January 2, 2013

Sisters of Charity Foundation of South Carolina senior program officer speaks at statewide training conference

Katrina Spigner, senior program officer at the Sisters of Charity Foundation of South Carolina, recently spoke at the statewide training for Family Connections in Columbia, South Carolina.

Family Connections, whose mission is to strengthen and encourage families of children with special health care needs through parent support, has been focused on learning more about the issues and consequences of poverty and has formed a small group dedicated to keeping discussions about poverty current and at the forefront of staff involvement.

At the training event, representatives from across the state met to talk about the changing face of poverty, ever-present stereotypical thinking and the predisposition to prejudice. Many in attendance had similar stories to convey and listened intently to Spigner speak on the foundation’s commitment to the poor and underserved, and to the compassion that must be evident when seeking change. Using the Lowcountry Food Bank, a foundation grantee, as a model of just how to holistically approach the issue of poverty, Spigner spoke to creating healthier models of charity that empower and educate.

“The Lowcountry Food Bank prepares, educates and has a culinary component to their mission for adults as well as children.  These programs allow the recipients opportunities to help themselves and learn skills to help them out of their current situation,” said Spigner. “Many charities have fallen into the bad habit of creating programs to help the poor when in reality the only people they are helping are themselves, creating a toxic form of charity that needs to be reexamined and fixed.”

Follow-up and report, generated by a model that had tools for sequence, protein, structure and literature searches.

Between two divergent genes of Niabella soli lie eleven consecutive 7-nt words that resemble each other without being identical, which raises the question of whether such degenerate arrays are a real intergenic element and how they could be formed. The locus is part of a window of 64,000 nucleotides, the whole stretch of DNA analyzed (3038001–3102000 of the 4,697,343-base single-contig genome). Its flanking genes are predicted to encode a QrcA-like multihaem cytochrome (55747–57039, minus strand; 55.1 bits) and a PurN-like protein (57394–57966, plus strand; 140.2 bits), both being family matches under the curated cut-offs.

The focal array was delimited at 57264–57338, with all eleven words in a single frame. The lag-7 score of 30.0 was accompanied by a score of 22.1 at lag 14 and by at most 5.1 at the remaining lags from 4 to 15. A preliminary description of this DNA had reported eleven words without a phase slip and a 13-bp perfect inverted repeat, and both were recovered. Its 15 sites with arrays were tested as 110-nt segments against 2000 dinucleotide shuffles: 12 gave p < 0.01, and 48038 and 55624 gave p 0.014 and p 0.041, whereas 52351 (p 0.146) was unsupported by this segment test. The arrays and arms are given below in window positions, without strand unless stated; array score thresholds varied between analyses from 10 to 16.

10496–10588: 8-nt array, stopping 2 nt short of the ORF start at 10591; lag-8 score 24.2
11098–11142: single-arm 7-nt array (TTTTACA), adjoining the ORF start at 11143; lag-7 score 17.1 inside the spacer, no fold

Robert D. Lupton, whose book Toxic Charity encourages organizations to help the people they serve to learn skills to help themselves, says,” We must think practically on how to get those we serve involved in service projects that truly help.”

With this in mind, Spigner ended her discussion with a simple "Oath for Compassionate Service," which is based on Lupton's recommendations:

(1) Never do for the poor what they can do for themselves
(2) Limit one-way giving to emergencies
(3) Empower the poor through employment, lending and investing to reinforce achievements
(4) Subordinate self-interest to the needs of those being served
(5) Listen closely to those you seek to help
(6) Above all, do no harm

The Sisters of Charity Foundation of South Carolina is a ministry of the Sisters of Charity Health System.

About Us

From its Cleveland headquarters, the Sisters of Charity Health System provides oversight, leadership and strategic direction to more than 20 organizations responding to community needs in Canton and Cleveland, Ohio, and South Carolina.

Follow us on Twitter